I will continue to support Alpena’s library

“Adam was but human — this explains it all. He did not want the apple for the apple’s sake, he wanted it only because it was forbidden. The mistake was in not forbidding the serpent; then he would have eaten the serpent.” — Mark Twain, “Pudd’nhead Wilson”

I’m no prude.

I believe sex education for young people is important, because we never know what situations in which our children will find themselves, and they ought to know how to be safe. It’s especially important for them to know about consent, that only a sober yes means yes.

I do not believe learning about LGBTQ issues indoctrinates our children. In fact, I believe our children should learn about all kinds of people so they can learn to respect differences and treat people how they ought to be treated.

However, everything has a limit, and the Alpena County Library has crossed that limit by shelving sexually graphic books in the children and teen sections of the library.

The News last week reviewed two such books.

In the teen section, The News found “Let’s Talk About It,” by Erika Moen and Matthew Nolan. The graphic novel includes sections discussing and visualizing masturbation, pornography, kinks, and other sexual topics.

In the adolescent section, The News found “It’s Perfectly Normal,” by Roble H. Harris and Michael Emberley. The cover says the book is suitable for ages 10 and older, but the book includes a large section dedicated to various sex acts, including pictures of male and female genitalia, images of males and females masturbating, and straight and gay men and women in bed nude in sexual positions.

I am sure both books could provide some value in aiding a parent or guardian’s discussion with a young person about sex and sexuality. For some young people, the library may be the only place they can learn about such things.

The Penguin Random House website says “Let’s Talk About It” “provides a comprehensive, thoughtful, well-researched graphic novel guide to everything you need to know” about “relationships, friendships, gender, sexuality, anatomy, body image, safe sex, sexting, jealousy, rejection, sex education, and more.”

The Amazon summary calls “It’s Perfectly Normal” a “universally acclaimed classic” that offers “accurate and up-to-date answers to nearly every imaginable question, from conception and puberty to birth control and AIDS” and “offers young people the information they need — now more than ever — to make responsible decisions and stay healthy.”

Yet both books unnecessarily contain material too graphic to describe in detail in this family newspaper.

Discussing sex and sexuality is one thing, but talking to young people about kinks alongside pornographic images is another.

The books belong in the adult section.

Library Director Debra Greenacre declined to comment for this column.

Library officials have previously defended the standards they use for shelving books. The library has launched a new page on its website offering a guide to parents and caregivers on choosing the right books for their family. The page can be reached at alpenalibrary.org/resources-for-parents.

A group of Alpena County residents, led by some area pastors, have demanded the library either reshelve the books in the adult section or even put them behind the counter, only available to adults. Some want the books out of the library altogether.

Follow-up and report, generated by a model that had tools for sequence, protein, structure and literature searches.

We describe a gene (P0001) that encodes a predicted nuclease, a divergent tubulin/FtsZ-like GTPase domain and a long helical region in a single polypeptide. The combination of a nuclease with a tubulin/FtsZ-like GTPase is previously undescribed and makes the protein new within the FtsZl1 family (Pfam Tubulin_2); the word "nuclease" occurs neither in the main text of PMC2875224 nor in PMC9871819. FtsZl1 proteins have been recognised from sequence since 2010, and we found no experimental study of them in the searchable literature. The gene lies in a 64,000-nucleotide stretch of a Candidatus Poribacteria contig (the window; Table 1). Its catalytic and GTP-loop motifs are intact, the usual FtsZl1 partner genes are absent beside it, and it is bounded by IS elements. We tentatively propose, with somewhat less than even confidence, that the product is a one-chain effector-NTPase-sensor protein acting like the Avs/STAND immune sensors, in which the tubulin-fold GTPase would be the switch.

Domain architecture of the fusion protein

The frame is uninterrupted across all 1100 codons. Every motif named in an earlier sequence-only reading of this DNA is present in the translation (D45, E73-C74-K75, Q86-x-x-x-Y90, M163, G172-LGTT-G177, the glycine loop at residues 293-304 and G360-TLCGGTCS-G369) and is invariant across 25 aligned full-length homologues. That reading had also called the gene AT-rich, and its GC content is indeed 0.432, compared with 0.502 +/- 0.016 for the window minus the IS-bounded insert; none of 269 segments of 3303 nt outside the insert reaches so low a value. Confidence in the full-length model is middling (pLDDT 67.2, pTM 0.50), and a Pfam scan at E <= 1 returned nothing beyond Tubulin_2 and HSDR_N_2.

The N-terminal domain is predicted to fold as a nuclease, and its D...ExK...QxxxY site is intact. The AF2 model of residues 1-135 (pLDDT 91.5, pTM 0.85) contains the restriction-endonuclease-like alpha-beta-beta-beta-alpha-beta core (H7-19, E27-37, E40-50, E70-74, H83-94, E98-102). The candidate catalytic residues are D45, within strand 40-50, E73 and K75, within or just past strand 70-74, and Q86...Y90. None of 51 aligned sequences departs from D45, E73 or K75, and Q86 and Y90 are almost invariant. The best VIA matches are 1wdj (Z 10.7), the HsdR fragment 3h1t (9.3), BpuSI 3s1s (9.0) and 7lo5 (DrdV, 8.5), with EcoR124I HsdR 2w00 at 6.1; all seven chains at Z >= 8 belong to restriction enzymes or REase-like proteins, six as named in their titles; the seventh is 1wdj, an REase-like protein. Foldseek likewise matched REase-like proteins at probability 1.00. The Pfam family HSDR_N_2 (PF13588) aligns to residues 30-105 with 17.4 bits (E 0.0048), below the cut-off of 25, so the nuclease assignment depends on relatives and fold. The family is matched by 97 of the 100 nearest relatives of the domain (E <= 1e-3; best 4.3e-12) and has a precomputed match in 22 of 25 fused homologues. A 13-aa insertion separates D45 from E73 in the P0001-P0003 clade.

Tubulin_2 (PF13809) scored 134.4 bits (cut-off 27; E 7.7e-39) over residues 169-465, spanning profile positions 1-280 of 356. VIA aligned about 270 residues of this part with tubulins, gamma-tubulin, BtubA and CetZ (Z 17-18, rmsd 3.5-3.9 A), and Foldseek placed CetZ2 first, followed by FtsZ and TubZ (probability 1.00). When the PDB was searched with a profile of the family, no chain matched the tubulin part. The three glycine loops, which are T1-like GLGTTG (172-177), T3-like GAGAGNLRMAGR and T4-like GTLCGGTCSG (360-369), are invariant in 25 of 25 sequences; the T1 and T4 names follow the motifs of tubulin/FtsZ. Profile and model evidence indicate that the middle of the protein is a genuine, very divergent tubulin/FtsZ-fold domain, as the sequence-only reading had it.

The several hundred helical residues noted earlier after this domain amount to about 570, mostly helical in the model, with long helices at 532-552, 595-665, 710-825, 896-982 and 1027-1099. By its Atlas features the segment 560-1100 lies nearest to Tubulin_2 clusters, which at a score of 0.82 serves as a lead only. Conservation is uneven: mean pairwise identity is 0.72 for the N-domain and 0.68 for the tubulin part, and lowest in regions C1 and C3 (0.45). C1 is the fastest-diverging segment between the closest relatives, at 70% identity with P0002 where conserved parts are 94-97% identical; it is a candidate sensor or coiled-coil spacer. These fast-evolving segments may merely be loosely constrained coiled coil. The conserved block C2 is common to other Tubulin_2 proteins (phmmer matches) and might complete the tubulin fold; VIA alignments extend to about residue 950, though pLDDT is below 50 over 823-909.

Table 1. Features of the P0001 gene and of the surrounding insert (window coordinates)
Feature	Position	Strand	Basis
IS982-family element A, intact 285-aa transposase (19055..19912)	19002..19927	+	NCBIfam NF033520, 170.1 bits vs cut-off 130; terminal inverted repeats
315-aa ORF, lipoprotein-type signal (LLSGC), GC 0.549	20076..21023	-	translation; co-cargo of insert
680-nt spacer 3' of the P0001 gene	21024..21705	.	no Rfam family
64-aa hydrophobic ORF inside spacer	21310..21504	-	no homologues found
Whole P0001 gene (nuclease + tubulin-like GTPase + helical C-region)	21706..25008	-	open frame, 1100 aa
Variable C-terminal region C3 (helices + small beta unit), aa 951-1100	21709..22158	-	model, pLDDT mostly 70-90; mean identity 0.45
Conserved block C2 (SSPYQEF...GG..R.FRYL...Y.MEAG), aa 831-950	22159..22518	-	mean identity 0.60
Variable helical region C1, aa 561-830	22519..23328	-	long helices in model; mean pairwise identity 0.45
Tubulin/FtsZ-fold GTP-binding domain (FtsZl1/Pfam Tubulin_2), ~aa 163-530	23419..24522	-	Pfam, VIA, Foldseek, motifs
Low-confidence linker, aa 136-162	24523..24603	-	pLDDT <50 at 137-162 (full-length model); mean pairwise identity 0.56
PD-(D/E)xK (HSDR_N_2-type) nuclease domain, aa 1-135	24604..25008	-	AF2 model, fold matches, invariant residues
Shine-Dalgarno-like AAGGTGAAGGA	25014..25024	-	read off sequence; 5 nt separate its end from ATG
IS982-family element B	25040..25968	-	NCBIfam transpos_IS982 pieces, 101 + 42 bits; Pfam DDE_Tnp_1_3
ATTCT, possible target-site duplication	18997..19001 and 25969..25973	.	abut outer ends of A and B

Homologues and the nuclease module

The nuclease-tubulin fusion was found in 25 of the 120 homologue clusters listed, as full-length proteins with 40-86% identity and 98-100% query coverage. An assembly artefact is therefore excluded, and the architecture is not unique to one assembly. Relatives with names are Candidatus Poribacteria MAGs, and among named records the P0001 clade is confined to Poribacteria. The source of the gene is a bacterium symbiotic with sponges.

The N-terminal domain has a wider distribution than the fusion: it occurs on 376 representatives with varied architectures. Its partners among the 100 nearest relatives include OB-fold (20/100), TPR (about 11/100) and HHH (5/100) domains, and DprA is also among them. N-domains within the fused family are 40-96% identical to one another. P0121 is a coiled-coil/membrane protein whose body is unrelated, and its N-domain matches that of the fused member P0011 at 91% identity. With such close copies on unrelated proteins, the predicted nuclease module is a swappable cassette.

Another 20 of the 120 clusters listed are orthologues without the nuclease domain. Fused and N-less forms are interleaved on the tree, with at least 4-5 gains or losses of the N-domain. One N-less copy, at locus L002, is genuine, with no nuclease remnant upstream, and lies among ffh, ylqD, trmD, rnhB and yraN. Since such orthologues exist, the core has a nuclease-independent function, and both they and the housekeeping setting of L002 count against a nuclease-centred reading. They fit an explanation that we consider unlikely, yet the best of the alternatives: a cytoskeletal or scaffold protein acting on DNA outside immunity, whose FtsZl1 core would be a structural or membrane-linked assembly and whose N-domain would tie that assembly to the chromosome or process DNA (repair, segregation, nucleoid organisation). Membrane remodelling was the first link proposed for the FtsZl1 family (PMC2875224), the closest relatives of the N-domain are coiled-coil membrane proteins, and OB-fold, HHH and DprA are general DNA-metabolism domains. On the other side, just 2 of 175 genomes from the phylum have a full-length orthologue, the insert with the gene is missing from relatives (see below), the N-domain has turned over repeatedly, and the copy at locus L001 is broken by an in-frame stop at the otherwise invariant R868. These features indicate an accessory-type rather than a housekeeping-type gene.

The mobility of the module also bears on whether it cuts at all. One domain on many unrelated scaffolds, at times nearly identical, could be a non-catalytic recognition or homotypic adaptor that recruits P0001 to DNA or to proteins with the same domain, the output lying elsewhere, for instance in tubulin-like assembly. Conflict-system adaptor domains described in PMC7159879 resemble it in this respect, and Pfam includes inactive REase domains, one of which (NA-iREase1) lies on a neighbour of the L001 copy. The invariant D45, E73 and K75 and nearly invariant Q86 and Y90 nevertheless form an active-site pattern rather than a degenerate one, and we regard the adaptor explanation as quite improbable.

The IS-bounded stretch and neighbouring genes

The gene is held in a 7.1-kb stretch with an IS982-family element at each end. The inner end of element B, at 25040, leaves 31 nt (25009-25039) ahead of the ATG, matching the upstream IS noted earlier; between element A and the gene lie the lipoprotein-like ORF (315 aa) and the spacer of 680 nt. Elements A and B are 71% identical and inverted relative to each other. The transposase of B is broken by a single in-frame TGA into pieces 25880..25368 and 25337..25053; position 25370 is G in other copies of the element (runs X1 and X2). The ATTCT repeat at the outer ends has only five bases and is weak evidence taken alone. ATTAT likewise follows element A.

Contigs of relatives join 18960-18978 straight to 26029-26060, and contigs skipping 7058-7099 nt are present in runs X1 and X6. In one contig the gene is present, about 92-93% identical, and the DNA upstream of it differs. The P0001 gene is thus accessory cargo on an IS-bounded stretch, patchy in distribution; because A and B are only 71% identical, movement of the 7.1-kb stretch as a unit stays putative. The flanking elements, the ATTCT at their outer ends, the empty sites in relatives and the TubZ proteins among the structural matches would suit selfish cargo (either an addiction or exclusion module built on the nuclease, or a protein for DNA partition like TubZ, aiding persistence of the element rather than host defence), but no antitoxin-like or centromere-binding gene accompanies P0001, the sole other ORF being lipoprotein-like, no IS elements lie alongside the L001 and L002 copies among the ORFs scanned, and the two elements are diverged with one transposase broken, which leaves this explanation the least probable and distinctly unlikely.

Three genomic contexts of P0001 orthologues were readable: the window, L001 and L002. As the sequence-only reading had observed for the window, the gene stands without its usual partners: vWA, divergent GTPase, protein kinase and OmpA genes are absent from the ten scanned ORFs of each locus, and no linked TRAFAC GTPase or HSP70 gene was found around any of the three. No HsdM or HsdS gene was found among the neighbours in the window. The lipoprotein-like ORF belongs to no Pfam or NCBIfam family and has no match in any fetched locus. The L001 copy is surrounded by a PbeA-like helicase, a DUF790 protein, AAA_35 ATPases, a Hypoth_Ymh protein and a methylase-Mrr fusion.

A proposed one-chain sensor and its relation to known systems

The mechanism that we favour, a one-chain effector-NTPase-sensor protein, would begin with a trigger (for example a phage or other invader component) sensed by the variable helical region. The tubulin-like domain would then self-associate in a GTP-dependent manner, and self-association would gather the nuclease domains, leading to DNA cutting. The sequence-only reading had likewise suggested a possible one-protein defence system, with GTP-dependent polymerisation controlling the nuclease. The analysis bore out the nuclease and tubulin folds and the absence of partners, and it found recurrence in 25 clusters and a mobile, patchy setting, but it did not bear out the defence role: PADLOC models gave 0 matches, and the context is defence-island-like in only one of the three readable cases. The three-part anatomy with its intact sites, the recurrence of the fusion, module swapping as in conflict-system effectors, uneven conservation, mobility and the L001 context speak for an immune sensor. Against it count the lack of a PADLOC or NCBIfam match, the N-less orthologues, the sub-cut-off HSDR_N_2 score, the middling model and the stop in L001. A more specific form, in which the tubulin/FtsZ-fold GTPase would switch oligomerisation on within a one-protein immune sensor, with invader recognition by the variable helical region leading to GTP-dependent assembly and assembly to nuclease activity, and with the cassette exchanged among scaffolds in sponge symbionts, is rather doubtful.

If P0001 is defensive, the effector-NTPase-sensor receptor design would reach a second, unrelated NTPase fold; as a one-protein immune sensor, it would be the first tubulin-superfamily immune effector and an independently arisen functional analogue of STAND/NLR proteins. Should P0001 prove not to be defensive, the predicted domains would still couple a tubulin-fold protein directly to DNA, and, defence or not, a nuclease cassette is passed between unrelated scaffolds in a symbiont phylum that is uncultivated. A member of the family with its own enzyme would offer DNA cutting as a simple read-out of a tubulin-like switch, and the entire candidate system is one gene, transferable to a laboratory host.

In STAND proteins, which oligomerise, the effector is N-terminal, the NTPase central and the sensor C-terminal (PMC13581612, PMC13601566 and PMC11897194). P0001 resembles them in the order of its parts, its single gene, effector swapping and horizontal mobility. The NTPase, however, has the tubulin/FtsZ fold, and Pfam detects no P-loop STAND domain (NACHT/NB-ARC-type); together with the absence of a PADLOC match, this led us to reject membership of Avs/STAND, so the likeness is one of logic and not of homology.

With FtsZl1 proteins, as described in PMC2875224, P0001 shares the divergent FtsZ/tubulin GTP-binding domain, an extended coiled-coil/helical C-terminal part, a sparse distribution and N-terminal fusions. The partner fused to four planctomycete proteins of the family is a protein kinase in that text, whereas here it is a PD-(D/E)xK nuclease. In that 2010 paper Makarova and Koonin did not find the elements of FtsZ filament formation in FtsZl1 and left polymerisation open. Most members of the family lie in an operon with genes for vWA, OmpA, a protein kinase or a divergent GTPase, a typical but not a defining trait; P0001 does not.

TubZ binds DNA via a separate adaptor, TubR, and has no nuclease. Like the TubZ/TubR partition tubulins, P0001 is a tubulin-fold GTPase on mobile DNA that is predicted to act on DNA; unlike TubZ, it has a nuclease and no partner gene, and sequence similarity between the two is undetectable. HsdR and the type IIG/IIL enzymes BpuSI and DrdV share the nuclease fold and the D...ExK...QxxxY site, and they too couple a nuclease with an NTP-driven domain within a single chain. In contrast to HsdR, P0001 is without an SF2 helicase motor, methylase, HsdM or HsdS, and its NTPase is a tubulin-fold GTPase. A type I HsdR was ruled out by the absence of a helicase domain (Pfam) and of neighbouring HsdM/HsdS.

Formal challenges have been filed, but the library has rejected those challenges.

And many of those working to have the books moved or removed have threatened to defund the library if they don’t get their way.

The library will in August ask voters to renew the 0.7462-mill property tax that funds library upkeep and operations. The tax costs the owner of a $100,000 house about $37 a year, the owner of a $200,000 house about $75 a year, etc. The tax raises nearly $850,000 a year for the library, and, without it, the library would have to significantly reduce its hours and offerings or even close.

Many Alpena County residents threaten no votes if the library doesn’t do something about the controversial books.

I am still a yes vote.

I disagree with most of the book challenges being filed against public libraries and school libraries around the country, especially those targeting books merely because they contain LGBTQ themes.

I agree the sexually graphic books at our library need to be reshelved.

However, the many goods provided by our library outweigh the bad.

The library offers a wealth of knowledge to all Alpena County residents, regardless of their income. For many families, the library may be their only means to bring books into their home.

But the benefits don’t end there. The library is the only way many Alpena County residents can access the internet, which is needed for everything from health care to job searching to school. The library offers numerous programs that enrich the community, from author visits to coding classes to playgroups for young children.

The Willard Library in Battle Creek meant a lot to me as a youngster. That place exposed me to so many authors I loved as a kid, helped foster my love of writing, and certainly helped me get good grades in school.

The book issue can be worked out. The Alpena County Board of Commissioners has reached out to the library board to try to force a solution.

But a no vote can’t be undone, and the library can’t offer all it offers if it loses $850,000 a year.

So I will hope that residents, the county board, and the library board reach some sort of compromise on where or if those graphic books end up at the library, but I still will support the library, regardless.

Because this community needs a library, and our library needs a yes vote.

Justin A. Hinkley can be reached at 989-354-3112 or jhinkley@thealpenanews.com. Follow him on Twitter @JustinHinkley.


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